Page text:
China has a unique mobile ecosystem. It runs on its own set of rules. International developers will, therefore, need to play by those rules to increase the chance of exposure and success of their games. Ironically, you must play the game in order to publish your own game! Here are some localization tips to help you win the game. Each tip will begin with an explanation of the cultural barrier that affects international developers, followed by the solution for breaking down that barrier.
Written: Simplified Chinese
APPTUTTi requires all of their partners to submit titles and contents of their games in Simplified Chinese. To break down this barrier, they provide a professional translation service for all projects, free for your first 1,000 words.
Things to note when incorporating translated text into your game:
•Use a larger font as Chinese characters contain more strokes than English letters.
•You may have to realign your graphics as Chinese characters take up more height than English words.
Language is not just about words and sounds. An equally pervasive but overlooked aspect of language is a cultural one. Adapting your game to Chinese culture will enhance user experience as you will truly speak the same ‘language’ as that of your target audience. This will increase retention rates and word of mouth for your game.
Chinese culture is inherently linked to politics. Consumer content is tightly controlled by the local authorities - films, books, media and the internet, for example. Games are no exception - a recent freeze on new game approvals lasted nine-months, for example. Falling foul of these controls and treading on sensitive topics may adversely affect your current and future abilities to publish in China. Here are some examples to help you understand the severity of politics:
•No defamation. The Chinese publisher of Devotion had its license removed for referencing a meme that pitted the Chinese president against Winnie the Pooh.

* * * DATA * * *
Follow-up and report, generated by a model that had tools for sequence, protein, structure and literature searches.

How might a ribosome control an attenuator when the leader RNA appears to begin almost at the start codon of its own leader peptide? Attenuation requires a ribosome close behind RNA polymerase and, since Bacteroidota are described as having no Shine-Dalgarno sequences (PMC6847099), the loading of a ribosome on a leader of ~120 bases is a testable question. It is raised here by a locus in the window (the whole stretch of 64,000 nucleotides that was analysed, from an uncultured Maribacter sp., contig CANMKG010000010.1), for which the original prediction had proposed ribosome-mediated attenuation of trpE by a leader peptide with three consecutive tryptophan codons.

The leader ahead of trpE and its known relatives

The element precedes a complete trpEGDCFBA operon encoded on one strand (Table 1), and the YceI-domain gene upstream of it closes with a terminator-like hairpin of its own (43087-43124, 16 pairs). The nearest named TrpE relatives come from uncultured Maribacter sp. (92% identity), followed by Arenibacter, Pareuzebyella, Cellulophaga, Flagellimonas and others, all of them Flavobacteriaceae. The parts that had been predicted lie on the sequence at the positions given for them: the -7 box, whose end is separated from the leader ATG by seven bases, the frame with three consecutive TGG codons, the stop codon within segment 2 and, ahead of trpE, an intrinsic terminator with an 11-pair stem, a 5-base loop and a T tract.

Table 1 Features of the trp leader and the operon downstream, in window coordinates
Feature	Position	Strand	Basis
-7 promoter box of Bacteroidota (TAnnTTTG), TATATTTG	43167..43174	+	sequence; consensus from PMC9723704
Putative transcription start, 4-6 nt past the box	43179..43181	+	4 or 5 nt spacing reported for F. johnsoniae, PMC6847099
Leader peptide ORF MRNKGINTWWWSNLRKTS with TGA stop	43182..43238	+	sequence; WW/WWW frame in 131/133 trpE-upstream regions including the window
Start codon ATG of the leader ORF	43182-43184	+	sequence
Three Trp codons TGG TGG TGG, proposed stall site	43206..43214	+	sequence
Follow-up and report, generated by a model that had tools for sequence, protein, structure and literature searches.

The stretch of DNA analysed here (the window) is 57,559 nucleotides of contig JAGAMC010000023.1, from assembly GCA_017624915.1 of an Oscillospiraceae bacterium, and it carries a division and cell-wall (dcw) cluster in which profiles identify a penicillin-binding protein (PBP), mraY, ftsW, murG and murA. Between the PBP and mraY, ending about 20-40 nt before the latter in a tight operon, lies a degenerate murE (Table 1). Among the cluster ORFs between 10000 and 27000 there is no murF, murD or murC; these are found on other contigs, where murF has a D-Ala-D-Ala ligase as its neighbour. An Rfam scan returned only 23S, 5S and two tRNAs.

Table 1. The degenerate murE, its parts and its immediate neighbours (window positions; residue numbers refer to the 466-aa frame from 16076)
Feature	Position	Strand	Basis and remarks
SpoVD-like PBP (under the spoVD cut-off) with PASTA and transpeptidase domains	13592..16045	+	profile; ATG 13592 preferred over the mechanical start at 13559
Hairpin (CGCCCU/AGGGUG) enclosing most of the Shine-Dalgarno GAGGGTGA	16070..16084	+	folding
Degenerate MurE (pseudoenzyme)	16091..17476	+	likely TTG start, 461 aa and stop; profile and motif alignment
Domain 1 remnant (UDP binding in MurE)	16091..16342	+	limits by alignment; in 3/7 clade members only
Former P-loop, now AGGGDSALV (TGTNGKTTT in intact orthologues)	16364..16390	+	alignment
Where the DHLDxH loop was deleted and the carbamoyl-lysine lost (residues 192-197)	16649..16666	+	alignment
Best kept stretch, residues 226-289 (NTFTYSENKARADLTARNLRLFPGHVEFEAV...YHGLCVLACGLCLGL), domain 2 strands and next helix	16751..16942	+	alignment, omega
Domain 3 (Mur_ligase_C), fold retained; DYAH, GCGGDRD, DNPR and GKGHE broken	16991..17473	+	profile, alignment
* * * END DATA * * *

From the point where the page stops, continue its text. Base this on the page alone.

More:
•No blood, corpses, violence, religious content, drug use, obscenity, gambling, imperial history, breaching of national security, and tarnishing of reputation.
While politics is all about restrictive measures, conforming to popularity is all about the positive steps you can take to fit the existing values of the Chinese audience. This principle likewise applies when developing games for Western audiences - it is simpler to conform to recognized popular culture, trends and IP, rather than import new concepts. Popular genres in China include medieval fairy tales and folk tales - Romance of the Three Kingdoms or Mulan, for example. Note the historical significance when it comes to Chinese culture.
Offering a range of compatible login, payment and advertising options for Chinese users will again improve user experience.
Login: social media, QR codes
Payment: mobile payments such as Wechat Pay or AliPay
Advertising: video, interstitial and banner ads
In addition to APPTUTTi's translation service, they offer all partners access to their SuperSDK. This includes various AppID(s), Key(s) and/or PayCode(s) specific to their partnering stores to help you localize your game. Their accompanying services include source code study, SDK integration and implementation, APK testing and final publishing. Integration support is available as well to troubleshoot any technical issues.